BONN, NOV. 21 -- Problem: Our troops in the Persian Gulf are so bored, they're counting grains of sand.
Pertinent fact: American military families stationed in Germany subscribe to thousands of American magazines, which they read and throw away.
Obvious solution: Magazine airlift.
Not so fast, soldier.
You can't just load a cargo jet full of Peoples and U.S. Newses and Sports Illustrateds and ship it to Saudi Arabia. These magazines are chockablock with ads featuring full-color photos of legs, chests, navels and assorted other body parts that are no go in Islamic countries.
Enter ever-present American ingenuity and the ever-ready energy of high school students with felt-tip markers in their fingers and time on their hands. The teenagers at Sembach Air Base in Germany, charged with making U.S. magazines safe for Islam, have been spending their after-school hours scrutinizing 3,200 pounds of magazines, and purifying them. Models in lingerie ads suddenly find themselves in conservative dresses. Hemlines plummet like the mercury in the desert night. Fashions flee to the safety of the '50s. Cleavage is out. Whole chunks of National Geographic end up on the base's cutting room floor. The coverup extends to scantily clad models, topless tribesmen, babies' bottoms and anything else that might offend the Saudis' sensibilities.
"We cover women in bras and low-cut dresses," says Claude Howard, 15, one of the volunteers. "If too much leg is showing or there's a man's chest, we cover it."
"There's women in skirts and bras in People," says 2nd Lt. Bryan Stokstad, 24, the father of the magazine airlift project. "Things that are normal in our country, well, I suppose People magazine would be to the Saudis like Playboy is to us. So we don't take any chances."
Only after every bit of skin considered indecent by Islamic standards is covered with new clothing of the students' rendering can the magazines be sent to U.S. troops in the gulf.
Stokstad dreamed up the project a few weeks ago.
"I read an article about how their morale was low and they didn't have much to do," he says. "As a military guy, I didn't like to hear that."
Stokstad, a can-do kind of guy, did something. He collected thousands of copies of everything from People to National Geographic to U.S. News & World Report, all to be shipped south to the American forces in the gulf. Families from all over the base chipped in.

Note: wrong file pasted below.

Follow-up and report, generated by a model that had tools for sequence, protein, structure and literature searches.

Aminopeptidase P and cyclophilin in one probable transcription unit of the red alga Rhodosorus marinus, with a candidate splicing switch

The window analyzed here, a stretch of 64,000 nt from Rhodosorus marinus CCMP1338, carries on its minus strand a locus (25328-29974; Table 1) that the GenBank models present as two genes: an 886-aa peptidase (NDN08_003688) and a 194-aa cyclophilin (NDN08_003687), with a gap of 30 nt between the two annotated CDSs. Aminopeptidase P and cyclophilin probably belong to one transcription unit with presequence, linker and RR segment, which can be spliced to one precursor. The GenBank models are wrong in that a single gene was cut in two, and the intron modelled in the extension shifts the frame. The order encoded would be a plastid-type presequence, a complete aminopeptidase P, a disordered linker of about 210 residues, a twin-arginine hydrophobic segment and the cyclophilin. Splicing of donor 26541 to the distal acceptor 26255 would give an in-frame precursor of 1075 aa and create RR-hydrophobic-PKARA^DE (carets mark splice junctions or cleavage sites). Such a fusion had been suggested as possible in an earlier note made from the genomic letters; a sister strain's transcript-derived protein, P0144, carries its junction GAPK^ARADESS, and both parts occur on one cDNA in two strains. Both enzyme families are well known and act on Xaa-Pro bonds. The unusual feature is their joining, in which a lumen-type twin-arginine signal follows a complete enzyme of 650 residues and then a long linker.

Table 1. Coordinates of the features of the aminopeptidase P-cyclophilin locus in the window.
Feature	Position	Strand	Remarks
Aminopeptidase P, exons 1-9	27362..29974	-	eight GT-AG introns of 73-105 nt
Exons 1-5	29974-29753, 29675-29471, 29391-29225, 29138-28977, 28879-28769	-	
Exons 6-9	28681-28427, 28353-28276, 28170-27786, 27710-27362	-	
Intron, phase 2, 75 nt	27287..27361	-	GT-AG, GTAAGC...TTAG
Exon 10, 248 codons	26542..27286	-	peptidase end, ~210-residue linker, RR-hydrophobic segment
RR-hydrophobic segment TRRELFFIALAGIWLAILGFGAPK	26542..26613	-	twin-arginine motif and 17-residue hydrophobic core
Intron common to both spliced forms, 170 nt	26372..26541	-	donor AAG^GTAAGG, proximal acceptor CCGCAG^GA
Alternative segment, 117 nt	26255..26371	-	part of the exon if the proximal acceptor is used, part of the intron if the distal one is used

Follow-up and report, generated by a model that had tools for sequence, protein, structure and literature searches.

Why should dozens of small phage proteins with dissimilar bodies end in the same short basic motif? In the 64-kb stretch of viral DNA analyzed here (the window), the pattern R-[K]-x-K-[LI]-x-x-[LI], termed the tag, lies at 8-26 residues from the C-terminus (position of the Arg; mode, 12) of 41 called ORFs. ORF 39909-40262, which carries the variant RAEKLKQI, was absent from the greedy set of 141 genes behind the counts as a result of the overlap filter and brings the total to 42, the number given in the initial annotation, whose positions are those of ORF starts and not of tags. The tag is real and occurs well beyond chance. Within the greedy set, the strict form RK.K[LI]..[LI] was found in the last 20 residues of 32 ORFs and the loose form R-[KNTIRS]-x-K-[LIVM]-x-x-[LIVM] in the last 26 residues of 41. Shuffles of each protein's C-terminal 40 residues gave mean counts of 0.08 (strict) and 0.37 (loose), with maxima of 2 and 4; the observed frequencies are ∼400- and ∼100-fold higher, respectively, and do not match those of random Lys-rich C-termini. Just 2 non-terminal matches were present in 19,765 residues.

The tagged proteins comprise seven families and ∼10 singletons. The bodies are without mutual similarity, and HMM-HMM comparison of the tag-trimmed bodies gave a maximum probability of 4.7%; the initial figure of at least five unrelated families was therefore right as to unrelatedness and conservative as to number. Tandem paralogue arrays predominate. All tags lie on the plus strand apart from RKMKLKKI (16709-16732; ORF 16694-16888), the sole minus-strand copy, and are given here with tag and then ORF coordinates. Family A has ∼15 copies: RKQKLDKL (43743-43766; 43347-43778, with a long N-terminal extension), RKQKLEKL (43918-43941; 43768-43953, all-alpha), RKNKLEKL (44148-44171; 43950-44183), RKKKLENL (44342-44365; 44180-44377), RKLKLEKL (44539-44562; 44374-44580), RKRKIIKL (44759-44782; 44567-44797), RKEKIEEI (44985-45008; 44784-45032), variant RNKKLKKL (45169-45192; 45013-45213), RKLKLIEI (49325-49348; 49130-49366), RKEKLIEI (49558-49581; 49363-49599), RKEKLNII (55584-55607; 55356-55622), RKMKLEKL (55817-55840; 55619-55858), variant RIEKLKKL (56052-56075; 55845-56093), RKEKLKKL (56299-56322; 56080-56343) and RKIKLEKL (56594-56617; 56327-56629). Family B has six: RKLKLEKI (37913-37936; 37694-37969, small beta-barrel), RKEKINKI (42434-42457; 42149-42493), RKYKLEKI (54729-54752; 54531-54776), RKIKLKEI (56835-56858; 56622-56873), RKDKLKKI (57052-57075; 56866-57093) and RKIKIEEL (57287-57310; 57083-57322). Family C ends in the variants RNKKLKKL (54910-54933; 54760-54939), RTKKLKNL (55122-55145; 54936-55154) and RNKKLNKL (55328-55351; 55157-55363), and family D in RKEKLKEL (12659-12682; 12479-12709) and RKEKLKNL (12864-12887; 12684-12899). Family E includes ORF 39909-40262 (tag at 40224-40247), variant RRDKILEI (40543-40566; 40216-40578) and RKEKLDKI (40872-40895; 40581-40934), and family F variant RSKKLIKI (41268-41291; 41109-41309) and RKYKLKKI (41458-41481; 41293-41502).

Then things got complicated. Word arrived at Sembach "from the very top of the government," Stokstad said, that magazines sent to the gulf could not contain any material offensive to the Saudis. He heard that the Saudi government was inspecting each piece of mail that arrived in the country and confiscating anything that violated Islamic modesty standards. He knew that Saudi morality had already led to a ban on stand-up comedy. Surely, Calvin Klein ads wouldn't pass muster. Enter the Bra Brigade.
The volunteer censors started by ripping out offending pages. But since any reference to non-Islamic religions, to alcohol, tobacco or drugs also had to be excised, "you wouldn't have much of a magazine left," says Sembach spokesman Sgt. Stefan Alford.
That's when Amy Voightmann, 16, developed the next strategy: the coverup. Some magazines would have to be tossed out -- entirely religious publications, magazines specializing in nude pictures. But she realized that most could be sent south after just a few minutes of coloring.
Howard, who puts in about 10 hours a week filling in what editors and ad agencies aimed to leave out, says the work is both fun and educational.
"We learned about the Arab culture in geography," the 10th-grader says. "The people down there have been around there all their lives, and the way they used to do things just kind of stuck that way.
"I guess things are automatically going to be different around the world because people are so far from each other."
This week the Sembach censors learned that their services may not be needed much longer. They were informed by superiors that U.S. publishers will soon begin delivering magazines directly to Saudi Arabia. It won't be as easy as dropping the mags in the mail, Stokstad warns.
"They'll have to do their own touch-up," he says. "I wonder how they're going to do that."